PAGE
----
Whenever threatened with destruction, Captain Nemo has a new invention up his sleeve that saves the day. A suspended animation device, a radar, an electric force field, now a ship-mounted laser beam. Not only is Nemo a genius, I guess, he's a super duper uber genius. There's nothing this guy didn't invent a hundred years ago. Nothing.

Because Star Wars is ripped-off so dramatically in the opening episode of The Return of Captain Nemo, the series changes tactics in its second episode ("Duel in the Deep") and rips off the premise of Space:1999 instead. Here, Waldo Cunningham (again!) threatens the safety of the world when the Raven begins ripping up (with grappling hooks...) the radioactive nuclear waste containers at the bottom of the sea, 35,000 feet down, at the Mindanao Trench near the Philippines.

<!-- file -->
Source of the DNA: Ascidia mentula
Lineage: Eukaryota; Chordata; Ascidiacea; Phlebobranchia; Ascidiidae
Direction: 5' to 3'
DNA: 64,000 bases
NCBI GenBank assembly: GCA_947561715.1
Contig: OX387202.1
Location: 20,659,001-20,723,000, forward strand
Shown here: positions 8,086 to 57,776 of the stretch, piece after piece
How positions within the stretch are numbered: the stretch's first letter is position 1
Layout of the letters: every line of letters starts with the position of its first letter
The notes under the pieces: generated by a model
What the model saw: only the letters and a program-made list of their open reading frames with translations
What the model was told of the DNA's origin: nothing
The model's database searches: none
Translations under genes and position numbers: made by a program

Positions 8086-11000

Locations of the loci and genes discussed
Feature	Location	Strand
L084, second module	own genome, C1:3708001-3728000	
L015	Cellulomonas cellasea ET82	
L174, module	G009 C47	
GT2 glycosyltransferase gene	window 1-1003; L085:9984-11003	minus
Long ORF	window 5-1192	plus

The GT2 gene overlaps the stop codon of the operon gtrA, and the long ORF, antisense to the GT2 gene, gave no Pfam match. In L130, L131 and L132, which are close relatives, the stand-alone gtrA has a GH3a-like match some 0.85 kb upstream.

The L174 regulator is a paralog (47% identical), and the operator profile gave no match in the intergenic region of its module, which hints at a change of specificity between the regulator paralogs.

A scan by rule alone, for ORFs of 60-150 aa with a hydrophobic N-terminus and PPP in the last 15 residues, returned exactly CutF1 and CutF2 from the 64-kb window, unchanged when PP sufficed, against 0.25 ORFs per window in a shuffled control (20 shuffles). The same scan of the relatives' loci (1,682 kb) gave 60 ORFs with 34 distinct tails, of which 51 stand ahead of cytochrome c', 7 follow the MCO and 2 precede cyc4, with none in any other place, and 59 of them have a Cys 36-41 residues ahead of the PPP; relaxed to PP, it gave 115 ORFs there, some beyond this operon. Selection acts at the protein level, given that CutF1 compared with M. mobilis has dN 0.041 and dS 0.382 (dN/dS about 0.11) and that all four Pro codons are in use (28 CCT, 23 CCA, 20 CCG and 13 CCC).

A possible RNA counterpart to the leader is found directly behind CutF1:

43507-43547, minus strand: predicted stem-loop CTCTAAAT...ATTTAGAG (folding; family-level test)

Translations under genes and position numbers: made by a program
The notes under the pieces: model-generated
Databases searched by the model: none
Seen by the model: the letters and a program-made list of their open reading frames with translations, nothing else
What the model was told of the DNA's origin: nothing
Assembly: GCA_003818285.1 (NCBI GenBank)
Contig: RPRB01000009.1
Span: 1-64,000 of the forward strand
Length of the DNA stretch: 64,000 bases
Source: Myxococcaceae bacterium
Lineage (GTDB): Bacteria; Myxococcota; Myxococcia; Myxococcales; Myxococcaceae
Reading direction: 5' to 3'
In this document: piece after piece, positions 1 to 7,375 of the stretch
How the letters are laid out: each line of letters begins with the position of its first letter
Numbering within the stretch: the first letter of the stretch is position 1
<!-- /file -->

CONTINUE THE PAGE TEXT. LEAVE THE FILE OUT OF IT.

Just think the dark side of the moon, the atomic waste dumps, and the inaugural 1999 episode "Breakaway."

The Nautilus and Captain Nemo are assigned to repair the breaches in the nuclear waste dumping ground before a wave of radioactivity leaks to the surface, destroying all life there. Two nuclear physicists come aboard to help out, the beautiful Kate (Lynda Day George) and the duplicitous agent, Cook (Mel Ferrer). If you've ever seen any episode of Voyage to the Bottom of the Sea, you know that Irwin Allen really loves his submarine saboteurs (secret spies show up in every other episode during the early seasons of that series...) and here the Nautilus is drawn off course by undersea magnets, surrounded by sea mines, and Nemo's bathosphere is also sabotaged.